WASHINGTON –– U.S. Catholic Church leaders who awoke to the news of Pope Benedict XVI's announcement that he will retire at the end of February said they were surprised by the news but admired the pontiff's courage and humility for making the decision.

Cardinal Timothy M. Dolan of New York, president of the U.S. Conference of Catholic Bishops, said in a statement that the pope's announcement is "is but another sign of his great care for the church."

"The Holy Father brought the tender heart of a pastor, the incisive mind of a scholar and the confidence of a soul united with his God in all he did," the cardinal said, adding: "We are sad that he will be resigning but grateful for his eight years of selfless leadership as successor of St. Peter.

"The occasion of his resignation stands as an important moment in our lives as citizens of the world. Our experience impels us to thank God for the gift of Pope Benedict," he continued. "Our hope impels us to pray that the college of cardinals under the inspiration of the Holy Spirit choose a worthy successor to meet the challenges present in today's world."

Cardinal Dolan was interviewed on the NBC's "Today" show early Feb. 11 where he said he was as "startled as the rest of you" about the news.

Washington Cardinal Donald W. Wuerl was similarly talking about the pope's decision on local news radio WTOP before 8 a.m.

The cardinal said he was "very much surprised" by the announcement, noting that he had seen the pope less than a month ago and there was no indication of a possible resignation.

He said he was "just stunned" when he heard the news in the morning and when he "got a call very early from Rome confirming this."

What does not surprise the cardinal, though, is that the pope was able to make such a decision.

"I don't think we should be surprised," he said, that when the pope realized he didn't "have the strength to continue" his role he had "the humility and courage" to act on it.

Archbishop Gregory M. Aymond of New Orleans also expressed his "great deal of admiration" for the pope, said he appreciated the pontiff's "recognition of the health issues he is facing" and admired "his humility in asking the cardinals to come together in prayer to select his successor."

In Chicago, Cardinal Francis E. George echoed his fellow U.S. prelates in saying the pontiff always has put "the will of God for the good of the church before every other consideration" and "that same resoluteness of purpose" is evident in his decision to resign.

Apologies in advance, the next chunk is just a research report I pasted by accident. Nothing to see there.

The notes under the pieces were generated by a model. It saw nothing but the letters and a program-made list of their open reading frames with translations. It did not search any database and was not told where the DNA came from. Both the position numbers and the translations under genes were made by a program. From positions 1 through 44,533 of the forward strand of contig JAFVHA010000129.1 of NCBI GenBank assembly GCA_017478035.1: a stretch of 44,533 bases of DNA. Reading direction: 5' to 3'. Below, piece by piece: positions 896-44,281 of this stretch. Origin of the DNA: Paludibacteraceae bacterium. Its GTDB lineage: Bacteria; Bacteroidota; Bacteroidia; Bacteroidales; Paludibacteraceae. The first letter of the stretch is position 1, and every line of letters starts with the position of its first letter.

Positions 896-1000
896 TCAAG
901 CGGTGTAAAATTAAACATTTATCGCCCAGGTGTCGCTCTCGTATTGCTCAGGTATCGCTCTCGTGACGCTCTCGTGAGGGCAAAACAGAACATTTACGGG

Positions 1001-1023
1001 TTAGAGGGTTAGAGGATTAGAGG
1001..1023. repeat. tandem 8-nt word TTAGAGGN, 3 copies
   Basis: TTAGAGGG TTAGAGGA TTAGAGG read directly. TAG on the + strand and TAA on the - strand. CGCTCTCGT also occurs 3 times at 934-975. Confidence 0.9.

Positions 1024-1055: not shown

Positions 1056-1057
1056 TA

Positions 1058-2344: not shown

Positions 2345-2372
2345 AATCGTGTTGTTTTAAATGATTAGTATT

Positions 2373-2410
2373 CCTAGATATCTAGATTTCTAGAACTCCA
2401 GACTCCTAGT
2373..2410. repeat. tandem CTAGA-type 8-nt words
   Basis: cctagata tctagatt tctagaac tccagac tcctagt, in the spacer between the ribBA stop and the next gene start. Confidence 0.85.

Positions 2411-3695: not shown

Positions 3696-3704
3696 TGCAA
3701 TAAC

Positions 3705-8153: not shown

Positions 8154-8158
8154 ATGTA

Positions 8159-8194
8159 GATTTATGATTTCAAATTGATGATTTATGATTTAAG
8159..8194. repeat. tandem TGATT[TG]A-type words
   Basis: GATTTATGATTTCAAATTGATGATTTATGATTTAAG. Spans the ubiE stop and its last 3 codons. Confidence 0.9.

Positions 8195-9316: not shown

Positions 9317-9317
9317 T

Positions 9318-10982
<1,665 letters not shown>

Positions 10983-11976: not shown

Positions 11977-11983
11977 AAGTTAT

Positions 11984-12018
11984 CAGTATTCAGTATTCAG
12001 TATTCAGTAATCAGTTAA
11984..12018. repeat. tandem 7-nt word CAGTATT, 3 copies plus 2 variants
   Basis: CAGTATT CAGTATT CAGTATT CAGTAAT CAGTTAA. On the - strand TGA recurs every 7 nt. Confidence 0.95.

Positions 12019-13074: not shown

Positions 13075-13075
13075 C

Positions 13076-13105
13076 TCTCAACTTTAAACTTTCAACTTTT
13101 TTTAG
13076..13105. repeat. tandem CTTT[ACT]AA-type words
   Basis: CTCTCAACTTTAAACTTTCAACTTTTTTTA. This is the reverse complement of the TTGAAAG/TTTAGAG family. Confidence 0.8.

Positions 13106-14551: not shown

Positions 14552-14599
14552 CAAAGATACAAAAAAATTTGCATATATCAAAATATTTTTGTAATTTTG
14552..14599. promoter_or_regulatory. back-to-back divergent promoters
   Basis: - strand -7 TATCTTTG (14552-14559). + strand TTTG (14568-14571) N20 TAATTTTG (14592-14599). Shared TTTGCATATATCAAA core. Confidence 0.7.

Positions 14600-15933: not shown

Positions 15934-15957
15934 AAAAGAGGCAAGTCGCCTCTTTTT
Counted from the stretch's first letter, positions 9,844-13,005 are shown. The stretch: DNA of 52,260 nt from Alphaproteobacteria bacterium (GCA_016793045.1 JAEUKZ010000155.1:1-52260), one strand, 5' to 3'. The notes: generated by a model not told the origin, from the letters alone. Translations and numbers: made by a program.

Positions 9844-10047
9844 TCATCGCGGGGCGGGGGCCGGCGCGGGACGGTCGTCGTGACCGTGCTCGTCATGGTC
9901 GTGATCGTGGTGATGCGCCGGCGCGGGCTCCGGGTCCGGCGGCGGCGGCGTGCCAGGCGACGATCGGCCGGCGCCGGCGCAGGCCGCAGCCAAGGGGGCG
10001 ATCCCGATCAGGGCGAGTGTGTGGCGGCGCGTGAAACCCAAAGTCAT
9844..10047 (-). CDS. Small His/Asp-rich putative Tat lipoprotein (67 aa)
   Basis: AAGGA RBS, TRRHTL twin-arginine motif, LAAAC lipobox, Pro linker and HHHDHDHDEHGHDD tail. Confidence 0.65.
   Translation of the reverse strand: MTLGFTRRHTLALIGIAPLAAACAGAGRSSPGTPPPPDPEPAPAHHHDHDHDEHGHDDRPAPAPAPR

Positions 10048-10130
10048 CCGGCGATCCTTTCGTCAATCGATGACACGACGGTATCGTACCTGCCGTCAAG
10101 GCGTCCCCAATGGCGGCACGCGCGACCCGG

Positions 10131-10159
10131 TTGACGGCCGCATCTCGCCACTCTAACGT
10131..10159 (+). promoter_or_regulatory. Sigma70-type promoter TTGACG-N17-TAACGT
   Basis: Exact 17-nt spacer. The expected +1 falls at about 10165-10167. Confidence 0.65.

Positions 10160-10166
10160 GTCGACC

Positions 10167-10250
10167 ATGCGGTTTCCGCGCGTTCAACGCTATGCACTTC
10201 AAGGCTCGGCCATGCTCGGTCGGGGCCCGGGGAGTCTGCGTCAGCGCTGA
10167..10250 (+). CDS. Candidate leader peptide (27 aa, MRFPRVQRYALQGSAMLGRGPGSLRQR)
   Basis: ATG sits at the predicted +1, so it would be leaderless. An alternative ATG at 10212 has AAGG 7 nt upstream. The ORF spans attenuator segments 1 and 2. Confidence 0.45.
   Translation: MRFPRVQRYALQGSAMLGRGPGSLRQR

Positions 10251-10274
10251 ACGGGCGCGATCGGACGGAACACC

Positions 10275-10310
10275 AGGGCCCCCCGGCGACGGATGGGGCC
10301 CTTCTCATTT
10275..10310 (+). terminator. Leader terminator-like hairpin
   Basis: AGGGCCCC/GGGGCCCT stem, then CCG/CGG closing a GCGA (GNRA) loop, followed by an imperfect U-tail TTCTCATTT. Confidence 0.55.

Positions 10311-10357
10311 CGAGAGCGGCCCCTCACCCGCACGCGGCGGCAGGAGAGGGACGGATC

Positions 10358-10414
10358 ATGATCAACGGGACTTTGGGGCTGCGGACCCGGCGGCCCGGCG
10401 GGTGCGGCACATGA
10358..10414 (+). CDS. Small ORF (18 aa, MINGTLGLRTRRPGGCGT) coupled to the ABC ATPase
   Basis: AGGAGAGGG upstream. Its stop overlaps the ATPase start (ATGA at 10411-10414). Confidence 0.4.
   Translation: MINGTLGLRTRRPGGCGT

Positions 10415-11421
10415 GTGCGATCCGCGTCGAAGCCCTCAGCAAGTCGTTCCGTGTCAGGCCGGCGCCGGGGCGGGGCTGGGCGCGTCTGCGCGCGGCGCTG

Pope Benedict "has taught with clarity and charity what God has revealed to the world in Christ; he has handed on the apostolic faith; he has loved all of God's people with all his heart," the cardinal said in a statement. "He has now shown great courage in deciding, after prayer and soul-searching, to resign his office."

Archbishop Allen H. Vigneron of Detroit said that he, "like most of my fellow Catholics, woke up to the very surprising news" that the pope was resigning.

The surprise, he noted, was followed by sadness — "a sense of grief at losing his fatherly care for all us, bishops, clergy and faithful. We have come to love him very much and will miss him."

The archbishop likened the news to what many people experience in their families when they witness a parent "grow old and decline in ability."

"That is the sense we bring to this announcement. Our spiritual father has determined, by the best light given to him in prayer, that for the good of us all he must lay down his office," he added.

Archbishop Joseph E. Kurtz of Louisville, Ky., said he, too, was surprised "along with the rest of the world" about the resignation and was "touched by his humble admission of the strength necessary to carry on this ministry of Christ."

"This is a decision that reflects Pope Benedict's stewardship of his office and is a sign of his deep humility," he said.